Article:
lederstol's picture
lederstol

Urgent Question, Please Help

Hello everyone, I have an urgent question, and would greatly appreciate an answer.
I am the mother of a wonderful, sensitive seven-year-old boy, who is about to go into second grade. The school he attends has a great tradition, where a couple of times a year, all the parents get together and put on a parents-only play for the kids to watch and enjoy. As you can imagine they are very light hearted, and are mostly just excuses for the parents to show off, and act goofy. Needles to say all the kids, including my son, greatly look forward to these shows. However my concern is towards something that happens on stage.
The character I was chosen to play is a typical damsel in distress. Within the first several minutes of the play, I come onstage, and run into a character called Rob (played by a father of a student). He comments on how nice he thinks my shoes are, and says that in fact his daughter wants a pair exactly like them. He then proceeds to ask me to give him the shoes as a gift. After a couple minutes of funny banter, I refuse to surrender the shoes. His character then delivers a very comical fake punch, which knocks me out. I fall forward and he catches me then picks me up and carries me and lays me down in a corner at the front of the stage. He then removes my shoes and runs away with them, and the play continues, now with the added set piece of me lying unconscious (and barefoot) on stage, where I am to remain for the rest of the show.
Now this is all obviously, very cheesy, and in good humor. But frankly I don’t know if this is something that my son would enjoy watching. Seeing his mom knocked unconscious and carried by strange man, who then leaves her lying shoeless and out cold, even in a pretend way, seems like a bit harsh of an image. For me, even picturing my mom feigning unconsciousness, is uncomfortable. Also, at the end of the play, when all the parents come up to bow, to keep the joke going Rob is supposed to carry me, still passed out, while everyone bows. I don’t think all this warrants dropping out of the show, as that will probably upset my son even more, but I am really in need of some advice on what, if anything I should do. Again, I will greatly appreciate some opinions, thank you.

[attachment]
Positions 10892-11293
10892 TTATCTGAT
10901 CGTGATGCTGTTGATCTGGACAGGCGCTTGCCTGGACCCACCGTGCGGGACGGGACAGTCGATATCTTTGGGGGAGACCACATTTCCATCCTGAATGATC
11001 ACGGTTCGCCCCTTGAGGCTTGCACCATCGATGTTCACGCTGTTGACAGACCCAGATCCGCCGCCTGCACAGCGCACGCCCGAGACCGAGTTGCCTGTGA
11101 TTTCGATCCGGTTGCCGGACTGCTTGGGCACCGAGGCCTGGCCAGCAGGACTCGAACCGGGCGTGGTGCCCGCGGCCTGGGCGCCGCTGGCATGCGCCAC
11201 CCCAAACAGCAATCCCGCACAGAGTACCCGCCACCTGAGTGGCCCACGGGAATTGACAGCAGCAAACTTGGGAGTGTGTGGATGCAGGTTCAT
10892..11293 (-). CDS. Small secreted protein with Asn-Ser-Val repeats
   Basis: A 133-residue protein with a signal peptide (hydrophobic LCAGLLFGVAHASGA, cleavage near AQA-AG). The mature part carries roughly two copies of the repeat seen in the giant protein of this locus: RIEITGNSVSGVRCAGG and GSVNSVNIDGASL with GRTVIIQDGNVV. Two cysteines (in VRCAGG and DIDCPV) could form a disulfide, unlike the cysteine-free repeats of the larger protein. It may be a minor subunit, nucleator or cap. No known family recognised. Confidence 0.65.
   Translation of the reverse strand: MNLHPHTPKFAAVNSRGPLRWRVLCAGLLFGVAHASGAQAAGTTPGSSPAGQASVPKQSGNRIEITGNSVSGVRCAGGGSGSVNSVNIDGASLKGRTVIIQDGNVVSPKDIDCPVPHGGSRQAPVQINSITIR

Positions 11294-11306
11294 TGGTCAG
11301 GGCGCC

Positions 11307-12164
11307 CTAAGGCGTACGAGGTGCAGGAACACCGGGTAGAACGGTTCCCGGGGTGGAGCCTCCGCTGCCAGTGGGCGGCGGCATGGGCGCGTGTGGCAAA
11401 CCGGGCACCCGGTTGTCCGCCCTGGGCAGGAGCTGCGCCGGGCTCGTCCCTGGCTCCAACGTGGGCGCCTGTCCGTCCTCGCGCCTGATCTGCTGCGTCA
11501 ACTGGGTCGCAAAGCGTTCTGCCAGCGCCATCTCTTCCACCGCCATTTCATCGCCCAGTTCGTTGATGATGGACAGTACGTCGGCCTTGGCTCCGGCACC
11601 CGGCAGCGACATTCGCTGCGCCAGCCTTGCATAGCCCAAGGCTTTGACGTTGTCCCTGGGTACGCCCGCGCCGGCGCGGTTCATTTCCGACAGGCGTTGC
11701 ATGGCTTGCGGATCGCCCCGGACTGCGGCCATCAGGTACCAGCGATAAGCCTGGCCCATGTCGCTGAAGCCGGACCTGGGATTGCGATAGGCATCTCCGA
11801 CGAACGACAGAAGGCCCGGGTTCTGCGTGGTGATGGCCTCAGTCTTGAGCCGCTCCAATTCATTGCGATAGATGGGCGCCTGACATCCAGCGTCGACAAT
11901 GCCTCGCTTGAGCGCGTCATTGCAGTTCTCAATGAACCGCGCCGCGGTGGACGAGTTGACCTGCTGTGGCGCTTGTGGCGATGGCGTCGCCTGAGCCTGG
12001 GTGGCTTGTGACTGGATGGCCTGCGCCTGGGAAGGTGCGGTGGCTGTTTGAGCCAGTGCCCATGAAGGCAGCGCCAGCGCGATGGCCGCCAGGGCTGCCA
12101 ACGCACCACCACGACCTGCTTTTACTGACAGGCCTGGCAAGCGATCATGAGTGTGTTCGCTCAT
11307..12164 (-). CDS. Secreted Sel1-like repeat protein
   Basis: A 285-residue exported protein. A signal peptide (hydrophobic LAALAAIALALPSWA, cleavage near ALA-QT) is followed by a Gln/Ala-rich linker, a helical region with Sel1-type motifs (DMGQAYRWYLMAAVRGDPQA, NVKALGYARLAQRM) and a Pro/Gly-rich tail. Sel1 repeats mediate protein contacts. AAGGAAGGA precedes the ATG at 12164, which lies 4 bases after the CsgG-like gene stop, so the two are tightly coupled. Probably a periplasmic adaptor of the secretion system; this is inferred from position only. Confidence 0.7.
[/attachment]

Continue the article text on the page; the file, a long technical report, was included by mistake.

mayamay's picture
mayamay

Just share the script with your boy. And play some pretend with him, or find a friend his age with a good imagination for him to play with.

He could even help you rehearse!

SnglDad's picture
SnglDad

I am still close friends with a lady I dated back in Jr. High. She is now divorced and has custody of her 5 year old daughter. The father chooses not to be in the picture. This 5 year old, I’ll call her “Katie”, seems to me to live a sheltered life under the watchful eye of a well-meaning, but over-protective mother. Little Katie loves to come hang out with my family on the weekends and sleep over with us. On one occasion we were going to make a trek to a large fishing and hunting store. This store has a huge area displaying trophy animals from all over the world. When I told the mother that we were planning to go there she asked that we not take Katie. She said that Katie would be so sad about the dead animals and she did not want her to have to be exposed to such a “gruesome” display.

SnglDad's picture
SnglDad

Now, knowing the mother as long as I have, I know she does not like hunting. We dated at a time in my life when my father and I spent a great deal of time hunting and fishing. The worry that the mother had for her daughter was actually her own worries, and not shared by her daughter. After some talking she agreed to allow us to take Katie, and I agreed that if she showed any signs of being uncomfortable, we would leave immediately.
When we walked in the store Katie asked if all the animals were dead, I said yes they were, and that was the end of it. We walked around and looked at all the animals. Katie and my boy’s played a shooting gallery game and had a great time, the mother was shocked. Kids are more resilient and adaptable than we give them credit for. I would explain to your son once what the play was about, and what part you play in it, and I would leave it alone. Let him deal with uncomfortable situations, he will begin to grow from them.